Visual Task Tips is a little freeware application for Windows XP which displays a preview image if you move your mouse over a folder in the taskbar. Simply download the 90K file from the developers homepage. After installation you have the option to run it and add it to your windows startup files. To disable that, start the program again and it will display a prompt to you so that you can disable the feature again. Or, edit your startup folder automatically, for instance with the excellent Autoruns application.
This can be very useful if you want to preview the window of a program on your system without activating it. You can use it to display the current web page that is open in your web browser of choice, the contents of a Windows Explorer instance, or any other program that is currently open and running on your system and displayed in the Windows taskbar.
Update: The program homepage is no longer available, and returns a parking page instead of the original program page. This may have something to do with the release of the Windows 7 operating system, and its native integration of the feature.
When you hover over an open program in the Windows 7 taskbar, you see a preview of the program's window displayed as a thumbnail image that is automatically updated to reflect what you would see when you would open the window on the desktop.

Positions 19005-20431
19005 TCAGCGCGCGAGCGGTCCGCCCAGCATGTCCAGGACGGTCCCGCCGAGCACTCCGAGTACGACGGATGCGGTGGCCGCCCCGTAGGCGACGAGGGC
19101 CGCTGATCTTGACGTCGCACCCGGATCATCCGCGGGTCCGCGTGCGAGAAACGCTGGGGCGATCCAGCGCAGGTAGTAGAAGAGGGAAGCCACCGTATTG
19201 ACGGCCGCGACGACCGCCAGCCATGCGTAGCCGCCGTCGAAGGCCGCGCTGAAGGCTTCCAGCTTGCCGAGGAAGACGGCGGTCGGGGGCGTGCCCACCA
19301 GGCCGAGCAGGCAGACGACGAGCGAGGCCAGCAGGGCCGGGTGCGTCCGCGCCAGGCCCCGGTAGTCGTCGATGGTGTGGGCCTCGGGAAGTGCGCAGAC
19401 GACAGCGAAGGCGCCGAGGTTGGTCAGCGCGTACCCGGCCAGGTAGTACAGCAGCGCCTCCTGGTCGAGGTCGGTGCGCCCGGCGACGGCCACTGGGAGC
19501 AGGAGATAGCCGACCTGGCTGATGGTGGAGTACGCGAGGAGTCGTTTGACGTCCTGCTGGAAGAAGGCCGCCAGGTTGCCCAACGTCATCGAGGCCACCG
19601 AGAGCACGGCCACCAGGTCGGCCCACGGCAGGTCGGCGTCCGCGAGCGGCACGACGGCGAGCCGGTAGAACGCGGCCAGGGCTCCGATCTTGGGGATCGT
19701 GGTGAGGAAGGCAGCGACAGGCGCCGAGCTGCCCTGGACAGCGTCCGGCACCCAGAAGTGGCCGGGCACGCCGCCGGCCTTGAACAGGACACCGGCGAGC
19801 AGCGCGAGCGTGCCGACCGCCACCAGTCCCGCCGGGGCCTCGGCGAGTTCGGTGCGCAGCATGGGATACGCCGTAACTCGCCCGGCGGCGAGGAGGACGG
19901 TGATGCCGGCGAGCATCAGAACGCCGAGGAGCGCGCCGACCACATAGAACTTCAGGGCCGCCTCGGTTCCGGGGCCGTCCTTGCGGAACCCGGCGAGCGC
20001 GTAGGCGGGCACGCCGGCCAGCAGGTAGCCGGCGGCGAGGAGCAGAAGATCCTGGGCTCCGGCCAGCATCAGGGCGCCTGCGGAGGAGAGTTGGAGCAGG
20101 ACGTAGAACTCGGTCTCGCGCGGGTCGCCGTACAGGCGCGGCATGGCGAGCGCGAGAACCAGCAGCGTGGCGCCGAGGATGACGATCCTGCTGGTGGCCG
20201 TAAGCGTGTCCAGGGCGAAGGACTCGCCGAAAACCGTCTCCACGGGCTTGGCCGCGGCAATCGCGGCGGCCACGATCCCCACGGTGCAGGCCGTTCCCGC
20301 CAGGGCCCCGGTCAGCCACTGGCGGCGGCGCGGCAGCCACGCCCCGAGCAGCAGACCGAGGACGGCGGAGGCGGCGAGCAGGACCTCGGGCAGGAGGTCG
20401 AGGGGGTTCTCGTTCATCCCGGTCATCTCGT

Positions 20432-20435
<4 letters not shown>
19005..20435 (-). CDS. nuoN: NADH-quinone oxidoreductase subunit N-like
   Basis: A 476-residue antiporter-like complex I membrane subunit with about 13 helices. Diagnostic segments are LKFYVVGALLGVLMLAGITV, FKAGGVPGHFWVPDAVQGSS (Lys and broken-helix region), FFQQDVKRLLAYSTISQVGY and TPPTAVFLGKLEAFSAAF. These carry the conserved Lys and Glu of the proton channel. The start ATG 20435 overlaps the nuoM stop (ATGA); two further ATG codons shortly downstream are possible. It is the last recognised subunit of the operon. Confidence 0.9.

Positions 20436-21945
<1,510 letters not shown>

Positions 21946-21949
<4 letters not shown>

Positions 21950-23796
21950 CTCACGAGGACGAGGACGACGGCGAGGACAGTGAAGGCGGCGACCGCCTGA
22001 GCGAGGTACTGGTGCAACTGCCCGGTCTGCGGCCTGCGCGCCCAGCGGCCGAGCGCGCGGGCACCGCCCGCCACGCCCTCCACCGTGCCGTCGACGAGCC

The feature even works if multiple instances of a program are open, enabling you to quickly identify and switch to the instance that you'd like to access at the time.
Windows XP and Windows Vista users unfortunately do not have access to the feature, and there does not seem to be an alternative available for them to add previews to their operating system.
Update: We have uploaded the latest version of Visual Task Tips to our own server. You can download it to your local system. Note that you should only run it on XP or Vista systems, as Windows 7 and newer operating systems support the feature natively. [Download not found]
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Ghacks is a technology news blog that was founded in 2005 by Martin Brinkmann. It has since then become one of the most popular tech news sites on the Internet with five authors and regular contributions from freelance writers.